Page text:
I <3 ANATOMY!
I love to help people understand their own Anatomy!
I spent two years in a clinical massage program, where we studied the…
…bones, and their bony landmarks (their structural makeup, where muscles attach, and the levers that the muscles move…)
…connective tissue (FASCIA, ligaments, tendons… blood.. lymph.. adipose… bones…..)
…systems (neurological, circulatory, respiratory, visceral & energetic…)
…& muscles! (their attachments, their shapes, their actions, their stretches, their moods, their imbalances, their potential… their impact and reflection of your emotional wellbeing…)
People ask “how do you touch people all day?” You’re about to read the long answer.. the short answer is I answered the call. When something goes off inside of you, and you stop and say “Yes. This is what I’m going to do.” That’s what happened the day I decided that to become a massage therapist. And I found my calling.
As I began my schooling I also began a yoga practice, and while I moved through the poses I embodied the information I was downloading in school. (Muscle relationships, nervous system stimulation and decompression, effects of working with breathing, and how emotions and stress are stored or released…)
In school every class had a component stressing the importance of communication. A large part of being effective as a therapist is being able to educate the people you come in contact with on what is happening in the body and why bodywork and self care are important.
With a B.A. in Performance & Communications I feel a calling to make Anatomy and basic Kinesiology interesting and fun to anyone that will listen.
I continued my post-licensed schooling with a yoga teaching certification, which took me on a beautiful journey with-in, while processing personal life events that help me to pull back layers and try to focus in on what I wanted to put out to the world, and how I can help others.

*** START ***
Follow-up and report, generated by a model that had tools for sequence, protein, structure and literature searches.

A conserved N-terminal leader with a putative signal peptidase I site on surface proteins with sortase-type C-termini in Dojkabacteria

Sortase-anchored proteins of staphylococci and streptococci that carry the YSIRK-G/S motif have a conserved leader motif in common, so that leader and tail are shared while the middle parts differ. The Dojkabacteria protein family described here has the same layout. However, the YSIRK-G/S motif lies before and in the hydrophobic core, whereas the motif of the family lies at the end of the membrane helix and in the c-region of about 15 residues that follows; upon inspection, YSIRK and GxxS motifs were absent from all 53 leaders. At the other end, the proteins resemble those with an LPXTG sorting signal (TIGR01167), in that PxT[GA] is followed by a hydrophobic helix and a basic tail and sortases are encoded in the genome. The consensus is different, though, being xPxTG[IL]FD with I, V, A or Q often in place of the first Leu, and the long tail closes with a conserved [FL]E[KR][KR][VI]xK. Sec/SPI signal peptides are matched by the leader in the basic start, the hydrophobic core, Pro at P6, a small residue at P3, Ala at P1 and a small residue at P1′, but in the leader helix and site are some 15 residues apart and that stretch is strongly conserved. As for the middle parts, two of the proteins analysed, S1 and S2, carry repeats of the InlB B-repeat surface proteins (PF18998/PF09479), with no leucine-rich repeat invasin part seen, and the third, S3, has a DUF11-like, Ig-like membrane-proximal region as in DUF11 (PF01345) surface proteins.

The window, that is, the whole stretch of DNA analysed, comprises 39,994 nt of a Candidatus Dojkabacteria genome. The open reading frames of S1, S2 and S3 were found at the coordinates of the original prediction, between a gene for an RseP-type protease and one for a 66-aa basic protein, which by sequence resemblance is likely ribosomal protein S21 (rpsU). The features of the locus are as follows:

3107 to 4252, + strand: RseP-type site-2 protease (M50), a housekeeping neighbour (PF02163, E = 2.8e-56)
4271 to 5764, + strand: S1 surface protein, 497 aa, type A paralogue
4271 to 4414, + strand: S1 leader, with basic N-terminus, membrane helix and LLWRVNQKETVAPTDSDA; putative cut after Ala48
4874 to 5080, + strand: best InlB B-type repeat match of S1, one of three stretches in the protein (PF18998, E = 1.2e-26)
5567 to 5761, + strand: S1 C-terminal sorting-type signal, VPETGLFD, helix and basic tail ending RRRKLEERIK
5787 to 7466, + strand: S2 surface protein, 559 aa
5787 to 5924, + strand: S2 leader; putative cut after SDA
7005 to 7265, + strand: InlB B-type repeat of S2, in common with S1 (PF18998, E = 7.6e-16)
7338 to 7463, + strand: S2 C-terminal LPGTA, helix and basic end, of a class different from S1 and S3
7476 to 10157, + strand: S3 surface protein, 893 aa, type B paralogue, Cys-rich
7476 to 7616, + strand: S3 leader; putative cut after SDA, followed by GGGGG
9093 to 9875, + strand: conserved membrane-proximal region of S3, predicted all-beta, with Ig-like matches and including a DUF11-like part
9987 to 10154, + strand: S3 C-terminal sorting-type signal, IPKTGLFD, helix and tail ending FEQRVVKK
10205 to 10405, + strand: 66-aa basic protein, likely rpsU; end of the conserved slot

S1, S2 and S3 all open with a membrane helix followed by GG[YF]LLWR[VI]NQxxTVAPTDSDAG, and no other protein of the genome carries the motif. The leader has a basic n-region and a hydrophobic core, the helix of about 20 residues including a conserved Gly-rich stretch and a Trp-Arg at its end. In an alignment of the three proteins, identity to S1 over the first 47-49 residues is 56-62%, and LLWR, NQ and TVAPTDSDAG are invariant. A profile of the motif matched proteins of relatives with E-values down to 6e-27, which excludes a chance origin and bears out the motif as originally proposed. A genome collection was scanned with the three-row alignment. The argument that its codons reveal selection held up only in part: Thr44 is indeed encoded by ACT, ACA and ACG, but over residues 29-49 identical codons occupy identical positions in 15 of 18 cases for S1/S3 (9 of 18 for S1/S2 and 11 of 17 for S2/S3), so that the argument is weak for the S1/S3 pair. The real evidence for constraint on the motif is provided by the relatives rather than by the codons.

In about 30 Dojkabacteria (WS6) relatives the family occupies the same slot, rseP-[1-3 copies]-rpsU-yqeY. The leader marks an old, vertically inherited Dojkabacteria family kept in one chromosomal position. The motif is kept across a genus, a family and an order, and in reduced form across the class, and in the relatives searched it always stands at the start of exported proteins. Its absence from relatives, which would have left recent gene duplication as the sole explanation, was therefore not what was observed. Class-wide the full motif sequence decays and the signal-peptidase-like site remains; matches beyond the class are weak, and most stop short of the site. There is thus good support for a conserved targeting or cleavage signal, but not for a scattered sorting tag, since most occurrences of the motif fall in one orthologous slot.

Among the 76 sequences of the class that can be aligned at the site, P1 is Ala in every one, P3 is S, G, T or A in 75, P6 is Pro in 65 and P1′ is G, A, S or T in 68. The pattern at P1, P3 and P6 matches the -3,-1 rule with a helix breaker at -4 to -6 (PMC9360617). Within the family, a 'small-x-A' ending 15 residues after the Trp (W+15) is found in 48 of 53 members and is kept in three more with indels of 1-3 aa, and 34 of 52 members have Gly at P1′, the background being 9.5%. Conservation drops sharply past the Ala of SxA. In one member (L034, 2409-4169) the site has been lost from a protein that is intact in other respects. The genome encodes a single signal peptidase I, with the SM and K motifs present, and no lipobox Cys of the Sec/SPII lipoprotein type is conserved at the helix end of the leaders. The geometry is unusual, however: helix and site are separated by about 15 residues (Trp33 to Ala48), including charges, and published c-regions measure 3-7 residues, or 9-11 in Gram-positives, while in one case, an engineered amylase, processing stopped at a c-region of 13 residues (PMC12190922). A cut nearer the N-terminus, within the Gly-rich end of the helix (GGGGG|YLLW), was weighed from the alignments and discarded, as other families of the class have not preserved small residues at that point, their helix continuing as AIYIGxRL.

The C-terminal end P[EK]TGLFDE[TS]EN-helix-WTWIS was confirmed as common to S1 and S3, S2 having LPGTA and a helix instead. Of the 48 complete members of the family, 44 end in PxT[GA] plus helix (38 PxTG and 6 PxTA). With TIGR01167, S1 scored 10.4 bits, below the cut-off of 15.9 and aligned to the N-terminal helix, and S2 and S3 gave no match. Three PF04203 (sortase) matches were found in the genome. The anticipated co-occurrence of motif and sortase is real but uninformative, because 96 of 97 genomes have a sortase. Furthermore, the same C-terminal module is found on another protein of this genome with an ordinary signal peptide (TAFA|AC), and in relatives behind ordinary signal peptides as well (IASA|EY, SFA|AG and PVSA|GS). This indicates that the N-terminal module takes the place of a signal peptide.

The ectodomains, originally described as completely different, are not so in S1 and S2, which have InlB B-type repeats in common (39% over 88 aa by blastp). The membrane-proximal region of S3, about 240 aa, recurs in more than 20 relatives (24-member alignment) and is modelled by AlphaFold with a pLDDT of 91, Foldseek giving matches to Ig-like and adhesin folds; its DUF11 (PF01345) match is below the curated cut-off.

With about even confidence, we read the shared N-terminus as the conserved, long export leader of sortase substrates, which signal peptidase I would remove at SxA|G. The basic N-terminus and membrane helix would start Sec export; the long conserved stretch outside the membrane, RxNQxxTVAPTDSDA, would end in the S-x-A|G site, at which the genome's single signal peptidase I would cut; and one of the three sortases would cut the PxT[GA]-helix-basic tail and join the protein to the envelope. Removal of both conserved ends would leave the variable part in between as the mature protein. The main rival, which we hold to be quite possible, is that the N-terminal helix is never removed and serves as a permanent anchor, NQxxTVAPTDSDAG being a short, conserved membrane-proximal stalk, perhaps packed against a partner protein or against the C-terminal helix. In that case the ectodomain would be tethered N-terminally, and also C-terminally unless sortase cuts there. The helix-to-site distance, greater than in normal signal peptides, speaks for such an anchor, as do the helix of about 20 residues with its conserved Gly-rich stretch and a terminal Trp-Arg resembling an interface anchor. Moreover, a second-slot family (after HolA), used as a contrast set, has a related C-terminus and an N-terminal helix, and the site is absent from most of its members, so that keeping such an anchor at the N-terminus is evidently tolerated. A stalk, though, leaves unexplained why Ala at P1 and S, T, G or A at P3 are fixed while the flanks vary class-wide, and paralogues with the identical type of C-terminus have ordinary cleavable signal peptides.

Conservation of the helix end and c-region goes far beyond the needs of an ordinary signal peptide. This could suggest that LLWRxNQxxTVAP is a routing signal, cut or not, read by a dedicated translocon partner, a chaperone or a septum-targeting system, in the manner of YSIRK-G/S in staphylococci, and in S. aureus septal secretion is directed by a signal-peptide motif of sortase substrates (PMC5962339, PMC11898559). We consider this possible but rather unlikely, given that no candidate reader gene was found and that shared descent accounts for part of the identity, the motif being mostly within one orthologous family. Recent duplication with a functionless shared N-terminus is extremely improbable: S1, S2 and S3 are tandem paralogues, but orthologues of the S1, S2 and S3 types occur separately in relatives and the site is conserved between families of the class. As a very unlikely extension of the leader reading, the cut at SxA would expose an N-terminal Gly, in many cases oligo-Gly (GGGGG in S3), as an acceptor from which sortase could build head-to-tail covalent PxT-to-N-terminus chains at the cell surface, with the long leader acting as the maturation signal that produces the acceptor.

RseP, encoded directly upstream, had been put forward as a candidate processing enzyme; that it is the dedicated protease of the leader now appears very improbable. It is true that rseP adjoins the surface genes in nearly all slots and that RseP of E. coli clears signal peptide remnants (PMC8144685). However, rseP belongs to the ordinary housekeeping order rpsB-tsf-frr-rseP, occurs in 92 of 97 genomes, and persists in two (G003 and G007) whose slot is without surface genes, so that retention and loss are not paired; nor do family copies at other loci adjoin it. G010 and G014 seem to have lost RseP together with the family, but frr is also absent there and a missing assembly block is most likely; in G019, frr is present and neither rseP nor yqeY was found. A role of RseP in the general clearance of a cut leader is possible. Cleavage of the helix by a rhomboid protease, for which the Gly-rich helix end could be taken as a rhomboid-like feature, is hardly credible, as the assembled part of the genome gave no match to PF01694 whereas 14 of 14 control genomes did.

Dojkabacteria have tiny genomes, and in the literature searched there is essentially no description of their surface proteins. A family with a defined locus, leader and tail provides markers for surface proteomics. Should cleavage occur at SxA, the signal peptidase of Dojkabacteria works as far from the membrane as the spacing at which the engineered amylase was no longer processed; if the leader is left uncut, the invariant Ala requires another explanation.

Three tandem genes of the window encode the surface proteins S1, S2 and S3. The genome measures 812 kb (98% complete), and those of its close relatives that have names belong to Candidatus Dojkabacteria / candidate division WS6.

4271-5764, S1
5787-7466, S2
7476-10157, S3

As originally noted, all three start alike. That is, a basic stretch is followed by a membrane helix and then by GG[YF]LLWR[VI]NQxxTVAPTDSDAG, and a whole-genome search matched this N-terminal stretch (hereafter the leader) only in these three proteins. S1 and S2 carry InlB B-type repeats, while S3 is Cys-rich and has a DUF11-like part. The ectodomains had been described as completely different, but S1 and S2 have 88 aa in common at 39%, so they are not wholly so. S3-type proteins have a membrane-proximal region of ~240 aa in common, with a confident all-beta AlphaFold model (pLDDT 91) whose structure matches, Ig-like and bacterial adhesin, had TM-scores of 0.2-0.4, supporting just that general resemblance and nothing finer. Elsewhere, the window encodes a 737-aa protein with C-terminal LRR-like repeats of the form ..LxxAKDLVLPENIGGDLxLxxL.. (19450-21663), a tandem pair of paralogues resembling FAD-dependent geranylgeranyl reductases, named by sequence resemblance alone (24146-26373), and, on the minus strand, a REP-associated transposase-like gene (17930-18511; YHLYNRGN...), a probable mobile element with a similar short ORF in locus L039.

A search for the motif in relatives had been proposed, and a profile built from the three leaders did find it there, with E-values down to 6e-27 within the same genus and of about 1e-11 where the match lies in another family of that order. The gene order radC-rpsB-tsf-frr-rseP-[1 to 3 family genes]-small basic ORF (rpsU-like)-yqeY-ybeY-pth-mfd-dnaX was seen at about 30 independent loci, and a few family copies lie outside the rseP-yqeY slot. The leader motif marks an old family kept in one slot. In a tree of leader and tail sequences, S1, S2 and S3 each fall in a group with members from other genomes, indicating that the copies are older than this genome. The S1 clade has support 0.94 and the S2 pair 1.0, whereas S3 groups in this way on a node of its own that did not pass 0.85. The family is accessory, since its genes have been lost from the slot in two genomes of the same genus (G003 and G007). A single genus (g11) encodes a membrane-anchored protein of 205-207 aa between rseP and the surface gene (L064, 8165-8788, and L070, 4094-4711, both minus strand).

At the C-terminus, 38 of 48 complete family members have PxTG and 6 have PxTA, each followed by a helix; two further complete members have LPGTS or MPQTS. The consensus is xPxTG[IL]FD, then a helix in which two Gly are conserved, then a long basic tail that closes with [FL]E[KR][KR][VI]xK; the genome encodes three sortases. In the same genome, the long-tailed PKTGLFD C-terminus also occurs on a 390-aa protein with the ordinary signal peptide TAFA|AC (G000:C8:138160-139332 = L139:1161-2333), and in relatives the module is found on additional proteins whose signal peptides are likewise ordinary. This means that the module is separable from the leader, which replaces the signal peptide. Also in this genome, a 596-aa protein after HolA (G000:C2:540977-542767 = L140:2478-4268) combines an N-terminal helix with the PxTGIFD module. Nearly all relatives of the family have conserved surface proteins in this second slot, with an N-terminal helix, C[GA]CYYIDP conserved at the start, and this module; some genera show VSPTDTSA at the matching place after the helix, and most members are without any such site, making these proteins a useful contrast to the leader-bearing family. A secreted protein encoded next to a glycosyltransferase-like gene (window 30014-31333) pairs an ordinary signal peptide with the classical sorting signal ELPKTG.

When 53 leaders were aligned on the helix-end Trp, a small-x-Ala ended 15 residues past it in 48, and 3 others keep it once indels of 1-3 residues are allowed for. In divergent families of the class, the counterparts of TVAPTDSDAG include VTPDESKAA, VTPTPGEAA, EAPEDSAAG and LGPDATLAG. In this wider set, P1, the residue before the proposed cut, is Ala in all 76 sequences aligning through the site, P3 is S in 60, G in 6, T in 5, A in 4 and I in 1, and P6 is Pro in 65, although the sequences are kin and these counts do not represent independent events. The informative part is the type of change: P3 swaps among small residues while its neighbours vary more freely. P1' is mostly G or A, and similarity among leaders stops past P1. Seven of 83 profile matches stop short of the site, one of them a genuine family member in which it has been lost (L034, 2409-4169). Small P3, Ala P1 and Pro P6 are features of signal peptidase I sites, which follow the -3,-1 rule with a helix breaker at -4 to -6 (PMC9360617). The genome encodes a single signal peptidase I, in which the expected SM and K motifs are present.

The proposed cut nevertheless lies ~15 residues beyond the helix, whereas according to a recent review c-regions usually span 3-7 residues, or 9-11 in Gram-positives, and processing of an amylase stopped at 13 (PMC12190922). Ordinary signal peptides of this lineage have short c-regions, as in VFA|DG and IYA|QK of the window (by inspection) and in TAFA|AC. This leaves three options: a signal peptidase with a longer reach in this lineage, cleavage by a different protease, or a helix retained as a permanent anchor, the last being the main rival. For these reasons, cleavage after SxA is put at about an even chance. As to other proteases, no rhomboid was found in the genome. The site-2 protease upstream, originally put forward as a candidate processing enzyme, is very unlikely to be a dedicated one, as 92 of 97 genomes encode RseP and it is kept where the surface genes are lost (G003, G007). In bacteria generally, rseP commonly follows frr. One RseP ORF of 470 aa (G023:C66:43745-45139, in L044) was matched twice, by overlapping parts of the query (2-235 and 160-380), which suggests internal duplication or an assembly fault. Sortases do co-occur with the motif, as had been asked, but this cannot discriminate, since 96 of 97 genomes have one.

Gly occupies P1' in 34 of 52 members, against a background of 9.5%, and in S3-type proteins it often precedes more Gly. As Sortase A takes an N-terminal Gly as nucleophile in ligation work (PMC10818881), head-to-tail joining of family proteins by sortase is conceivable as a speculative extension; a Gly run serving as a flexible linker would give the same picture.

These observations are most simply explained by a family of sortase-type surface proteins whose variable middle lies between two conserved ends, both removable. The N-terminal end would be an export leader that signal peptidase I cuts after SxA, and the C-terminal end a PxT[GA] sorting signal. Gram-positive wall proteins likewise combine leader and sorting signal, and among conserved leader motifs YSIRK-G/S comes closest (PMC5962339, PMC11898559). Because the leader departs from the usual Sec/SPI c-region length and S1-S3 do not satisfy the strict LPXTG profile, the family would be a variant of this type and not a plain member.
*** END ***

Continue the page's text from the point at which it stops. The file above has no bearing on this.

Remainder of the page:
With all my anatomy super fresh in my mind, I continued to reinforce it through working as a full-time massage therapist, and attended the teacher training at the yoga studio where I first began to practice. Upon graduation of the teacher training, I was asked to teach the attachments and actions of the muscles of the neck and shoulders for the summer group, and a light went off.
I was then invited to teach the 15-20 hours required for the next teacher training, and I answered the call with delight. Teaching formal yoga classes did not resonate with me in the same way, but something else completely organic was taking root, and the flowers that blossom at the end of each training, create bigger ripples in the fold than I can ever create myself.
The students and I go on a journey through the majority of the 600+ muscles of the body, looking at where they attach and how they move the body, and then we look at the Fascial Lines of Pull (Anatomy Trains) or how movement effects all parts of the body, together, not just the part that is moving.
We use fun colored kinesiotape & ductape on the skeleton to see individual muscles, washable markers to draw on our skin, as well as several different types of anatomical “models” to visualize the layers and movements of the muscles. It makes the material interactive and fun, teaching to all types of learning styles.